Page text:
9. #9
    Cat without Hat CornedBee's Avatar
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    Just valid, strict HTML 4.01. It has no drawbacks compared to XHTML and has the advantage of really being supported by IE.
    All the buzzt!
    CornedBee

    "There is not now, nor has there ever been, nor will there ever be, any programming language in which it is the least bit difficult to write bad code."
    - Flon's Law

  10. #10
    C++まいる!Cをこわせ! Elysia's Avatar
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    I would rather go XHTML. It seems to wipe out all those inconsistencies and stuff from HTML and it much more strict.
    But regardless of HTML or XHTML, be sure not to use too new features or stuff, since they will leave IE in the dust, seeing as it has such poor standards support...
    Quote Originally Posted by Adak View Post
    io.h certainly IS included in some modern compilers. It is no longer part of the standard for C, but it is nevertheless, included in the very latest Pelles C versions.
    Quote Originally Posted by Salem View Post
    You mean it's included as a crutch to help ancient programmers limp along without them having to relearn too much.

    Outside of your DOS world, your header file is meaningless.

  11. #11
    Cat without Hat CornedBee's Avatar
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    It seems to wipe out all those inconsistencies and stuff from HTML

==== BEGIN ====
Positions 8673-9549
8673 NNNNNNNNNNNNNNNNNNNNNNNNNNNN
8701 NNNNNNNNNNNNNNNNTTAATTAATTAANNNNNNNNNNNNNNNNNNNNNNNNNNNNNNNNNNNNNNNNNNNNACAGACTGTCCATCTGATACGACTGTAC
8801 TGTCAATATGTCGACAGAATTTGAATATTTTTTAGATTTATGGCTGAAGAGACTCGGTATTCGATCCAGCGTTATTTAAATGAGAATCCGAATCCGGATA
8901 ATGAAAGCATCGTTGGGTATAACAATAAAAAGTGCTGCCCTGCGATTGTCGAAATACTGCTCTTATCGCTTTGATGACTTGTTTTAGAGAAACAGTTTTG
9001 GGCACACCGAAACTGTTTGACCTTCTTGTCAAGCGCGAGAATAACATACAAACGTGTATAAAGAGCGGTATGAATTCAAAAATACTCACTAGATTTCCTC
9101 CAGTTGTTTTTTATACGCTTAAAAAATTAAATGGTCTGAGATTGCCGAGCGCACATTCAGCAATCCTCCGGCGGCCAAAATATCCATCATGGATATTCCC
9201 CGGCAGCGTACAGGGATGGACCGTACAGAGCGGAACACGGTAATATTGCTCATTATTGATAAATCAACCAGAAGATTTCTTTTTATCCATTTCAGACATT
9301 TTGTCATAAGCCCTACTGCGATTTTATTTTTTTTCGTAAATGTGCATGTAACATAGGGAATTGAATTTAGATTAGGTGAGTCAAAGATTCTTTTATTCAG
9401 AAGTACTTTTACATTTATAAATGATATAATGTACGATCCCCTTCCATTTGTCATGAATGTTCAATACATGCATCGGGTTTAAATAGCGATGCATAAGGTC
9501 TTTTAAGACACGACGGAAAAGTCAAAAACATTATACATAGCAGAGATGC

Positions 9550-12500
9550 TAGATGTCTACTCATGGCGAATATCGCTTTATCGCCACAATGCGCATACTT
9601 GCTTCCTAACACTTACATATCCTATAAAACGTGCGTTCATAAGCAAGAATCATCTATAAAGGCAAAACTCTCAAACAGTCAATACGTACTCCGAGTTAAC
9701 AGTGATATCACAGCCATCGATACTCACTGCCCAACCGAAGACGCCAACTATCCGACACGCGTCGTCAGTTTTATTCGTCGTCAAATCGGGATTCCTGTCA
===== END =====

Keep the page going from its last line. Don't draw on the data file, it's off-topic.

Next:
There are no inconsistencies in HTML 4.01 that aren't also in XHTML 1.0. There are a few rules that can cause confusion if exploited, but they're still consistent.
    That said, you don't have to use any of those rules. In particular, you don't need to omit ending tags of non-nesting tags just because you're allowed to.

    and it much more strict.
    Also not true. Typical XHTML processors are more strict than typical HTML processors, but to even get there you need to send the file as application/xhtml+xml, which you can't do because of IE.
    Nothing prevents you from writing an HTML processor that bails out on the first error.
    All the buzzt!
    CornedBee

    "There is not now, nor has there ever been, nor will there ever be, any programming language in which it is the least bit difficult to write bad code."
    - Flon's Law

  12. #12
    C++まいる!Cをこわせ! Elysia's Avatar
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    Well, I digress. I simply like it being strict, no margin for optional omitting tags, etc.
    Quote Originally Posted by Adak View Post
    io.h certainly IS included in some modern compilers. It is no longer part of the standard for C, but it is nevertheless, included in the very latest Pelles C versions.
    Quote Originally Posted by Salem View Post
    You mean it's included as a crutch to help ancient programmers limp along without them having to relearn too much.

    Outside of your DOS world, your header file is meaningless.

  13. #13
    Super Moderator
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    Thanks Elysia. You're a programming master! How the hell do you know every thing?